# Circular Reasoning

Topic: Approximations of Numbers in Bible

M. Stolzenbach from Brentwood, TN wrote:

Dear Rabbi,

A friend asked me about the description of the circular brass pool in the Temple. (I Kings, 7:23) Skeptics say that if this pool was 10 across and 30 around, then G-d doesn't seem to know the value of "pi." Either that, or the pool was not exactly circular.

One friend retorted (this was in e-mail) that approximate measurements are enough for some purposes. But my friend said that G-d certainly ought to know the exact facts, and this proved that the Bible was written by men, not by G-d. Can you help him, and me? (By the way, he liked your explanation concerning the evidence for the Exodus.) Thanks.

Dear M. Stolzenbach,

First let's define our terms: Pie is the relationship of one's belly button to one's belt buckle.

But seriously. The verse says that Solomon constructed a circular pool that was "ten cubits from edge to edge....and 30 around." The question is, how can this be? If it was ten across, it would be more than thirty around. (It would be closer to 31.4, a difference of 1.4 cubits, or approximately 3 feet.)

This has nothing to do with "knowing the value of pi." It's a simple question of circling the pool with a tape measure. Could it be that Solomon -- builder of one of the architectural wonders of the ancient world, the Temple -- had a tape measure that was off by three feet?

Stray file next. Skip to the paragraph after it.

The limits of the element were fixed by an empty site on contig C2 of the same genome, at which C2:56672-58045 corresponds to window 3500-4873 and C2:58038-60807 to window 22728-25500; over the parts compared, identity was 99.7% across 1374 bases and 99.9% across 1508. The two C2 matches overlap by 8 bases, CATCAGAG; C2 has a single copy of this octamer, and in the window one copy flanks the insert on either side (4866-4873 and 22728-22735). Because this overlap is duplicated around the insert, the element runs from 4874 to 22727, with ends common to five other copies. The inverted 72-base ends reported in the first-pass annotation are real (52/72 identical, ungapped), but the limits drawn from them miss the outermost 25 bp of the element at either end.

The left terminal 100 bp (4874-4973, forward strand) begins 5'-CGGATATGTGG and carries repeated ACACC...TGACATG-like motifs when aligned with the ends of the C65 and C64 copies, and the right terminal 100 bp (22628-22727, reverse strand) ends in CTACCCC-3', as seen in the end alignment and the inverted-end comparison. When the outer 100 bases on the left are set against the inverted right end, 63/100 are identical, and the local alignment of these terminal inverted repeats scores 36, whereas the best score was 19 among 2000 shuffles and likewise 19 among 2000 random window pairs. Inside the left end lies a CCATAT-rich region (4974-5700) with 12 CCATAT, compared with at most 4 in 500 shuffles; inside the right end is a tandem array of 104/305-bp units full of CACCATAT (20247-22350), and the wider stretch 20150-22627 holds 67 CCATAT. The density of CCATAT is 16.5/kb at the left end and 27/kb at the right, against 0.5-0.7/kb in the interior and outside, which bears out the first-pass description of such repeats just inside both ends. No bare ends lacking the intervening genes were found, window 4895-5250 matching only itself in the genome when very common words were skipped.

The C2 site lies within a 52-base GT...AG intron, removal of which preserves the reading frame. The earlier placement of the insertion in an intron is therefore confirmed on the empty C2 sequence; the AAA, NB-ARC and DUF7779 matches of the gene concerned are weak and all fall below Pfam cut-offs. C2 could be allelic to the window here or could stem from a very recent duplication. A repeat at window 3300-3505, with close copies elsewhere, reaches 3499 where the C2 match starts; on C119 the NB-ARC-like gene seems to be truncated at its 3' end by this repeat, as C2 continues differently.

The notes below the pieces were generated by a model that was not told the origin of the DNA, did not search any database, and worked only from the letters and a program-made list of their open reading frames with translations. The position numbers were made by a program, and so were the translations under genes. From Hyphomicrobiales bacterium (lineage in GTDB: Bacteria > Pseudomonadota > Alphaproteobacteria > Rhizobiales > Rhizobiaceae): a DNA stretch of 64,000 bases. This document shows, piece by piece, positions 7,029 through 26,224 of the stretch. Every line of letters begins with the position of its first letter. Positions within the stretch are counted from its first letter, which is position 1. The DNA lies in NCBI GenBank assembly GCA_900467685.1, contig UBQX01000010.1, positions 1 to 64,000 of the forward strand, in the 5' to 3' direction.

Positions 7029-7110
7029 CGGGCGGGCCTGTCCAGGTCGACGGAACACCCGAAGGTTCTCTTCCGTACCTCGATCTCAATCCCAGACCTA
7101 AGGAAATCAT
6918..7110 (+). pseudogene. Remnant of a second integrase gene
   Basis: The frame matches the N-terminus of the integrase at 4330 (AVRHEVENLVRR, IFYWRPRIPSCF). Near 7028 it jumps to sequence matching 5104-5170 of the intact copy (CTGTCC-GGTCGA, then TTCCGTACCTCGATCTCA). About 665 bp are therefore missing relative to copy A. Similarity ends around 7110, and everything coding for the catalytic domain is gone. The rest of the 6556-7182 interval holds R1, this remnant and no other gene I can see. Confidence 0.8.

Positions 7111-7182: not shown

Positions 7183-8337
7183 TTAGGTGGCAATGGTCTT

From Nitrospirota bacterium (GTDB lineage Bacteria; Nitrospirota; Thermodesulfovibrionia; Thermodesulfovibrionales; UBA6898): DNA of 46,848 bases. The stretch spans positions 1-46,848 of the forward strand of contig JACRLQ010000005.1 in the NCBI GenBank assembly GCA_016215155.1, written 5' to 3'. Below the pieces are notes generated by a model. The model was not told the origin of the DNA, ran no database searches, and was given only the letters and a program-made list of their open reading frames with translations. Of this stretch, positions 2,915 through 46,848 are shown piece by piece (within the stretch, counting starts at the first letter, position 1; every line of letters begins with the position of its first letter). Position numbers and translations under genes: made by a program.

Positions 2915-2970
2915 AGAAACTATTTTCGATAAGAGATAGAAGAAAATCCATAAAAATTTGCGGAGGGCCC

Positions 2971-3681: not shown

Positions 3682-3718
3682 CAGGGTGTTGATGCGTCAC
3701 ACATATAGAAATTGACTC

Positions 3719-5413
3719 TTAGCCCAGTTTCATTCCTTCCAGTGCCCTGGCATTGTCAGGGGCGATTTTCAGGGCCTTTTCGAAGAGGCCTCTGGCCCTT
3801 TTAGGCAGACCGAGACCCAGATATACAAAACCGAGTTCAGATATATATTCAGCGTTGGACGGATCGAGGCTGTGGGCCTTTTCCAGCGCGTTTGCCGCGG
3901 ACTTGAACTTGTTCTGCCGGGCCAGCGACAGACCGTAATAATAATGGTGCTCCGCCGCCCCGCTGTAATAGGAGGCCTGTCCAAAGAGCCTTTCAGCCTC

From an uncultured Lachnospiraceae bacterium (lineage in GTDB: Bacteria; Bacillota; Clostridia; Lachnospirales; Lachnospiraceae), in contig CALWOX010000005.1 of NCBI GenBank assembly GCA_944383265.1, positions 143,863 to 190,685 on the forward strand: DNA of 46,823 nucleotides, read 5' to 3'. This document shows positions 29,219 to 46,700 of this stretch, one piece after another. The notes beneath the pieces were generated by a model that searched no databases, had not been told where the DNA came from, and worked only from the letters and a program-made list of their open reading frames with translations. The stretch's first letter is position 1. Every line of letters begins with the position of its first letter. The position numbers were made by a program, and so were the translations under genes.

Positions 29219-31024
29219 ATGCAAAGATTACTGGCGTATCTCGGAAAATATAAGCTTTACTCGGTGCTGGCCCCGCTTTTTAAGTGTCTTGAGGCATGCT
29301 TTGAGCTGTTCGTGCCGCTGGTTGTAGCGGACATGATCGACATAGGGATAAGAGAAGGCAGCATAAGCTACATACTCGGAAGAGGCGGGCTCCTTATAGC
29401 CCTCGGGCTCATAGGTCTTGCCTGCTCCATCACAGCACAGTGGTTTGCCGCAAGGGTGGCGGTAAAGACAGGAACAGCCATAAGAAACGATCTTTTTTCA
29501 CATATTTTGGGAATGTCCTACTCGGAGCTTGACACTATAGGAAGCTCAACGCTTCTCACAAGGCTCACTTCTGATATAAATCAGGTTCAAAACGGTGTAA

Obviously, as the commentaries explain, the verse is offering an approximation. There are many such instances where the Torah uses approximate numbers. Just one example: When the Torah tallies the members of each of the 12 tribes (Numbers 1:20-46), each tribe's population is rounded to the nearest 50.

Why does the Torah give approximations? To offer us relevant information without burdening us with details, details often dealt with in the Oral Torah. In the case of "Solomon's Pool," the approximation teaches us that in Jewish legal matters relating to construction, we may use this 1 to 3 ratio as an approximation regarding rabbinical law.

Besides, there is no number to express the value of "pi." (That's why it's called "pi" and not written as a number.) No matter how specific the verse would be, you could always ask, "why wasn't it more specific?" That is, if the verse had said the pool was 31.4 units around, you could say, "that's wrong, it was really 31.415..." and so on.

In conclusion, the Torah sometimes approximates, and in the case of "pi" approximation is mandatory, and none of this shows anything about the Torah's authorship, Moses' ability to count or Solomon's ability to wield a tape measure!

A fascinating footnote for the mathematically-minded: The Vilna Gaon enlightens us to the fact that the value of "pi," 3.1415, is hinted in this verse. In Hebrew, each letter has a number associated with it. In the above verse, the word "circumference"(kav) is written one way "kuf vav heh" which equals 111 but it is pronounced a slightly different way "kuf vav" which equals 106. (That is, there is a stated value and an actual value.) The ratio of these two numbers equals the ratio of 3 ("pi" as stated by the verse) 3.1415 (the actual value of "pi" to the 10,000th). [ie. (111 / 106) x 3 = 3.1415]

Sources:
• Rambam, Commentary on the Mishna
• Aruch Hashulchan Orach Chaim 363:22
• See Eruvin 14a

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